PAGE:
Just hours before Nike’s Independence Day-themed Air Max 1 USA was set to go on sale across America, the sportswear giant has pulled the kicks amidst apparent concerns from Colin Kaepernick about connections to the country’s slavery past – and that’s got Laura Ingraham hitting the boycott button.
“Pathetic!!” the Fox News Channel host tweeted out this evening after the Wall Street Journal reported that the Betsy Ross-tinged Air Max 1 USA was DOA after the former NFL star and Nike-sponsored civil rights activist expressed reservations to top execs at co-founder Phil Knight’s company about the use of the old flag on the shoe.
Not content with making her POV known in one word, Ingraham followed up less than an hour later with seven more:
— Laura Ingraham (@IngrahamAngle) July 2, 2019
As social media started taking its own kicks from opposite sides of the political field over the $140 shoe that was supposed to be on the shelves Monday, Team Kaepernick did not respond to request for comment from Deadline on the matter.
However, Nike did have a statement, ambiguous as it might be.
“Nike has chosen not to release the Air Max 1 Quick Strike Fourth of July as it featured the old version of the American flag,” the Oregon-based corporation said.
Purported to have been made in 1776 at the request of George Washington, the 13-white-starred flag Ross has taken on a questionable quality due to its link to the “era of slavery,” as the WSJ said in Monday’s report online. In the past decade or so, ultra-right and extremist groups like the Patriot movement have taken the old flag up as a symbol, which probably also isn’t an optic Nike thought through very much until the repeatedly forthright Kaepernick raised the subject in the past few days.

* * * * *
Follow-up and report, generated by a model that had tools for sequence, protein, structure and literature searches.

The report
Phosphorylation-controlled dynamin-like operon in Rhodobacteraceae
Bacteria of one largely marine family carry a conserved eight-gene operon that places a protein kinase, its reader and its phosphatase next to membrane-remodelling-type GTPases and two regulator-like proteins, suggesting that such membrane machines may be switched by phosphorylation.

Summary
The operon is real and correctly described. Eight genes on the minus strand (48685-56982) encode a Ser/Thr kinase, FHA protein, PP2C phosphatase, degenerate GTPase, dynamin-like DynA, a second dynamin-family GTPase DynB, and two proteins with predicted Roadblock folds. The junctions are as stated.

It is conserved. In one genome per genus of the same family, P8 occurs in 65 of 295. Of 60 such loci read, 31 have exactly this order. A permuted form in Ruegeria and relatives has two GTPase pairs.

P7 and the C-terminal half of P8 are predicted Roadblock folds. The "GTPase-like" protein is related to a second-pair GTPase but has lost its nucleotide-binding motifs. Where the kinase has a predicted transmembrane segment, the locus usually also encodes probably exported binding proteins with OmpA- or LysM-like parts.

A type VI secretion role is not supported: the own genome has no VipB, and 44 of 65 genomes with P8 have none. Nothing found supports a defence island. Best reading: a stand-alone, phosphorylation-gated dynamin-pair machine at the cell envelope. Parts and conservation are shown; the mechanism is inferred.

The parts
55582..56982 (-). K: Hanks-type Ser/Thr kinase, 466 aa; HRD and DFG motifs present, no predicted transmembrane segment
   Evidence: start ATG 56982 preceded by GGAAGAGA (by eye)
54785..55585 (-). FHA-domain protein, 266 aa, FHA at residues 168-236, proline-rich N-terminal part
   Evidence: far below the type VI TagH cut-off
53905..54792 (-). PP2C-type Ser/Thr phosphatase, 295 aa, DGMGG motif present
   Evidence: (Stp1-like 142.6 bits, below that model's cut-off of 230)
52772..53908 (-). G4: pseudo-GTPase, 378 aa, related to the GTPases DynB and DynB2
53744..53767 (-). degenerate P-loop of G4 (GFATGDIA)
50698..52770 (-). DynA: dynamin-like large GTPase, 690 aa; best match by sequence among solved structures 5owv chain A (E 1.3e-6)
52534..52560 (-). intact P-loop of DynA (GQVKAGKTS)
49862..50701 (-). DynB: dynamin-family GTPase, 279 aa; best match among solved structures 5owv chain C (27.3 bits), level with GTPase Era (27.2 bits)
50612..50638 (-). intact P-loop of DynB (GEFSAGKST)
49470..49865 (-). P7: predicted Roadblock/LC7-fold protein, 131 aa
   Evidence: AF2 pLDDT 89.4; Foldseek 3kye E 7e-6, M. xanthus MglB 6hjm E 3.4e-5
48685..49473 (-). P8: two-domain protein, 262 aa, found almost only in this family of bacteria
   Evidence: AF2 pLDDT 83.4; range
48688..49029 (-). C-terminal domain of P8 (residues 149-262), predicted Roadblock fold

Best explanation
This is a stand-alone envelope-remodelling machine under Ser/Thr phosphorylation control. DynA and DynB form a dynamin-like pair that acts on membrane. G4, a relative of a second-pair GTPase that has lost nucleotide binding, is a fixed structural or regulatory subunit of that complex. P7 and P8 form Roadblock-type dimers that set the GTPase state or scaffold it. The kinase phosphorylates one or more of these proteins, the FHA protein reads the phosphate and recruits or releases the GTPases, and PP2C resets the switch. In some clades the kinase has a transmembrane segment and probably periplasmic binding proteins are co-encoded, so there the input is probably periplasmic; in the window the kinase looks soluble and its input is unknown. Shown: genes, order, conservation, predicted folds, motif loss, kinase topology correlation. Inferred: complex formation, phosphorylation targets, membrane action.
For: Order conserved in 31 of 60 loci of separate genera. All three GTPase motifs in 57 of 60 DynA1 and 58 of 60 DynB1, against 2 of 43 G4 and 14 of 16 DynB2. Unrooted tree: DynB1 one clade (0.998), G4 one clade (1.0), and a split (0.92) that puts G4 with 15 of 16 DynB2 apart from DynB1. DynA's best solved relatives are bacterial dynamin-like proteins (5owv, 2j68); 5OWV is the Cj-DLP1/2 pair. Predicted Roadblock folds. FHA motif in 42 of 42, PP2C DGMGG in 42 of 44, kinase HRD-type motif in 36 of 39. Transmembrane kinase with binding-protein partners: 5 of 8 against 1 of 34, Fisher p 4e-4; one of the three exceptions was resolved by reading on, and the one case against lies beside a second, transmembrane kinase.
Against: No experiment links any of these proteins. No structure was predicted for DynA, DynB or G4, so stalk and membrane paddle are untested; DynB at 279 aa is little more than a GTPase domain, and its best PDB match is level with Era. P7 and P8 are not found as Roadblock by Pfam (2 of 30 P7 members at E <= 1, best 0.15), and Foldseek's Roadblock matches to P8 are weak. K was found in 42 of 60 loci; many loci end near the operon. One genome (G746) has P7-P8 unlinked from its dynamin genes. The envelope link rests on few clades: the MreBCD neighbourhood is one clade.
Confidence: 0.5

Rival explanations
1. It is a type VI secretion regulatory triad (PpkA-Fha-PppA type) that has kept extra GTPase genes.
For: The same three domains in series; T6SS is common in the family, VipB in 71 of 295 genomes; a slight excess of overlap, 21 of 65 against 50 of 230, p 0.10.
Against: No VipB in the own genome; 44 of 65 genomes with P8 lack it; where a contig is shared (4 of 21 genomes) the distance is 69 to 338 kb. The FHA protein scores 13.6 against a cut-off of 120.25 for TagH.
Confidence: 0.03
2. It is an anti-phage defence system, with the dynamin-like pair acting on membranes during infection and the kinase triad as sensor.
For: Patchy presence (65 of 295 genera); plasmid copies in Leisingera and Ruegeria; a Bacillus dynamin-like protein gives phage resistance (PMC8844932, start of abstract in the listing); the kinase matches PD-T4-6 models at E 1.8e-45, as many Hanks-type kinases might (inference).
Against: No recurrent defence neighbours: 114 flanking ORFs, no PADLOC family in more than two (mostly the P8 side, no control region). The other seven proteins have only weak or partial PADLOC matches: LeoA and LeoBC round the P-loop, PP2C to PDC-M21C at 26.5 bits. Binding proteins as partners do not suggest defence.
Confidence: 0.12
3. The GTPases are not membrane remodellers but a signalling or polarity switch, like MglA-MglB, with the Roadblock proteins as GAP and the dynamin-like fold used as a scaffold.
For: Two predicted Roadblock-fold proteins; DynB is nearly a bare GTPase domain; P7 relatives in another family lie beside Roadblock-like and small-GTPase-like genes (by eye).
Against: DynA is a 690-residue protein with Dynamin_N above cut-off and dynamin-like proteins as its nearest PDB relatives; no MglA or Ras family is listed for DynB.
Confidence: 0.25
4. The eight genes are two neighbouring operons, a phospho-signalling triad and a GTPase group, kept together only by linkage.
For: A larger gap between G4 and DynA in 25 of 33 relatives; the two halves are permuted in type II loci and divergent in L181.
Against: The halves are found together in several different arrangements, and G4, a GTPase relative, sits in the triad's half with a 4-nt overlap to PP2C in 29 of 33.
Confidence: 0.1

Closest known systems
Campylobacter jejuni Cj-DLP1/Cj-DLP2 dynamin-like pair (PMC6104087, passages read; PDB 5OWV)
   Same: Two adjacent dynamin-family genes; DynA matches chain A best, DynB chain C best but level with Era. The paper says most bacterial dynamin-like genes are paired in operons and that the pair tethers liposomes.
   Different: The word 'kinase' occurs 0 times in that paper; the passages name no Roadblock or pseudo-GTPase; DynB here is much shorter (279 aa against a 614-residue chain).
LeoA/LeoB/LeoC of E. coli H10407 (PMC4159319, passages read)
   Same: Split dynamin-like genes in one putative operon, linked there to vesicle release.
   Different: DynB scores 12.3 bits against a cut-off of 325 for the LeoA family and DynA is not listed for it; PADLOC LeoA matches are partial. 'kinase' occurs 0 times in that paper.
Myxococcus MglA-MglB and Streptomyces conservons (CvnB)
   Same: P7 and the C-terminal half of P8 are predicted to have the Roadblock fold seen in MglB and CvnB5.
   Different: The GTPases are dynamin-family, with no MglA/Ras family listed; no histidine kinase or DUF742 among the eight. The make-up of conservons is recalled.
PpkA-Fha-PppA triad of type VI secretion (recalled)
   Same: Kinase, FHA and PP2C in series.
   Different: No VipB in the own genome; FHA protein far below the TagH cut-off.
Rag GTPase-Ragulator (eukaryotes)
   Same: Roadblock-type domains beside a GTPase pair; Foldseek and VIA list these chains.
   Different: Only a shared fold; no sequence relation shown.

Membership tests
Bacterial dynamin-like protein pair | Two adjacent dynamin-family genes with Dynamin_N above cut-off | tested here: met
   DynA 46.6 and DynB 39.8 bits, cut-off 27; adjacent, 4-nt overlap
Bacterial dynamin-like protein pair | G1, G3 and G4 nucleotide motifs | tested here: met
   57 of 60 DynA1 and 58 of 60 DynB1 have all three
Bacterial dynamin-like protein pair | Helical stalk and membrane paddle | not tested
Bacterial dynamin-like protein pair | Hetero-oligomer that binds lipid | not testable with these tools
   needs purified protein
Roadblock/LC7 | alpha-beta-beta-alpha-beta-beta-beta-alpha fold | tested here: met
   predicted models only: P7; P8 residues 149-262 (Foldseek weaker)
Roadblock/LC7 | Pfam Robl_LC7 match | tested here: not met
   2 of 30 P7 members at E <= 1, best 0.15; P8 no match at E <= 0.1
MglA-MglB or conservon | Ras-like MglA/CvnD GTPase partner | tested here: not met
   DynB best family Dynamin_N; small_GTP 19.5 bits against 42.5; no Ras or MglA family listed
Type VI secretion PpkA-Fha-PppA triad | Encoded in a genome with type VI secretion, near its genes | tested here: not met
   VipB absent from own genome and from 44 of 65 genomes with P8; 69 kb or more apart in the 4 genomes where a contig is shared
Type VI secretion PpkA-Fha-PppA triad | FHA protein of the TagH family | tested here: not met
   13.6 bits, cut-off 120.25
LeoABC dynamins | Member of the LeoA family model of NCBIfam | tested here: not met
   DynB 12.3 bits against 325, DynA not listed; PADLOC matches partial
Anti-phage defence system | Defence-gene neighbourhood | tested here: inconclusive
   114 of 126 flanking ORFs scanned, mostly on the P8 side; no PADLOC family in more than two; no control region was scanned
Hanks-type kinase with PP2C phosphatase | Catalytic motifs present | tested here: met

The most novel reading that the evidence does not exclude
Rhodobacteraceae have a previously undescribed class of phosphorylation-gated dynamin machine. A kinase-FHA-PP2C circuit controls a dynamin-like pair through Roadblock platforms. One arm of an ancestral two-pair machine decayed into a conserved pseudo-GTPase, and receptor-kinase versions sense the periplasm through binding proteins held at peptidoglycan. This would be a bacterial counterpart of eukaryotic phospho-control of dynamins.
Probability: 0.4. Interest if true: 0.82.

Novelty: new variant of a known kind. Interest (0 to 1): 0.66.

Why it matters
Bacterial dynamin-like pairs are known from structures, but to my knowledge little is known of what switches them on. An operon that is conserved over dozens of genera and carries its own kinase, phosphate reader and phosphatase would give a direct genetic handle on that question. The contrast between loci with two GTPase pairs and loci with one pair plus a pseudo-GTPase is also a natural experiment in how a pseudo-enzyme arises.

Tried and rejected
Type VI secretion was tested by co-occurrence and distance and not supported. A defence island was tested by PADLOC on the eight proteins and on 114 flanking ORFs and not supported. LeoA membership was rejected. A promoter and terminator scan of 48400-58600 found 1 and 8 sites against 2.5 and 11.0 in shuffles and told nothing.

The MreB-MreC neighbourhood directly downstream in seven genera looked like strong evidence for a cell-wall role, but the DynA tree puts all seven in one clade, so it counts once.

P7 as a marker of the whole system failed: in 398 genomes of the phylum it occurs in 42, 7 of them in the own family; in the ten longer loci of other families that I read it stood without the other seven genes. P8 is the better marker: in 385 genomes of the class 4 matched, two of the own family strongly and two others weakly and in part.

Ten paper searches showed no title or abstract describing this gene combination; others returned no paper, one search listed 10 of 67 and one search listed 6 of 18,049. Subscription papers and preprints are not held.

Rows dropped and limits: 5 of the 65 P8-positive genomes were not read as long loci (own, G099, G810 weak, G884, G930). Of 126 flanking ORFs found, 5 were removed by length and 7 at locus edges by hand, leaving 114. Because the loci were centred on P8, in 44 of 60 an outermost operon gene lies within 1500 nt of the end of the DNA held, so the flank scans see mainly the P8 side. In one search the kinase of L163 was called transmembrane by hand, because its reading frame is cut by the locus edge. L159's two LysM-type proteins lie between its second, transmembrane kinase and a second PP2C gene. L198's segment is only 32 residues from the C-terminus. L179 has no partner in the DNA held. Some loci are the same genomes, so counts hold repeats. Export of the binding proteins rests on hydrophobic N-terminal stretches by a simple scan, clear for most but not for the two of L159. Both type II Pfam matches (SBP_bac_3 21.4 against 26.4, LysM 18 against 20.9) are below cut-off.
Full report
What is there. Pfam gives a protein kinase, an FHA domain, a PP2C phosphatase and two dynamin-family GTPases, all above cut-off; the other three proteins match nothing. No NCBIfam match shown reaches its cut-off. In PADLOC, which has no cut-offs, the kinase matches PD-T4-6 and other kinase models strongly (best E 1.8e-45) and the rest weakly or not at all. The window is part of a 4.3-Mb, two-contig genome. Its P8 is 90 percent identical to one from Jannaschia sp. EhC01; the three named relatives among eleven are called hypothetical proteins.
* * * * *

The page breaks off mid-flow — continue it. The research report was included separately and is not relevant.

Blackballed by the NFL for his stance of taking a knee during the national anthem in protest of racial injustice, the ex-San Francisco 49ers quarterback has become a valued part of Nike in the last year with the big-bucks marketing campaign that dropped during last year’s NFL season opener.
With copy like “Believe in something. Even if it means sacrificing everything,” the branding effort saw sales surge despite conservative backlash. Not that it should have been that much of an eye-opener – Kaepernick already had one of the best-selling shirts in the league and spawned the widely used #ImWithKap hashtag.
Earlier this year the NFL and the ex-quarterback reached a confidential multimillion-dollar settlement in the latter’s potentially explosive and exposing collusion lawsuit. Neither side nor fellow plaintiff Eric Reid has spoken publicly about the case since the announcement in February, but clearly the NFL blinked and then some.
Having said that, you know — you just know — that if a FNC host planted a flag on this dropped-shoe matter, there is a very good chance Donald Trump would have something to say about it and Kap sooner or later.
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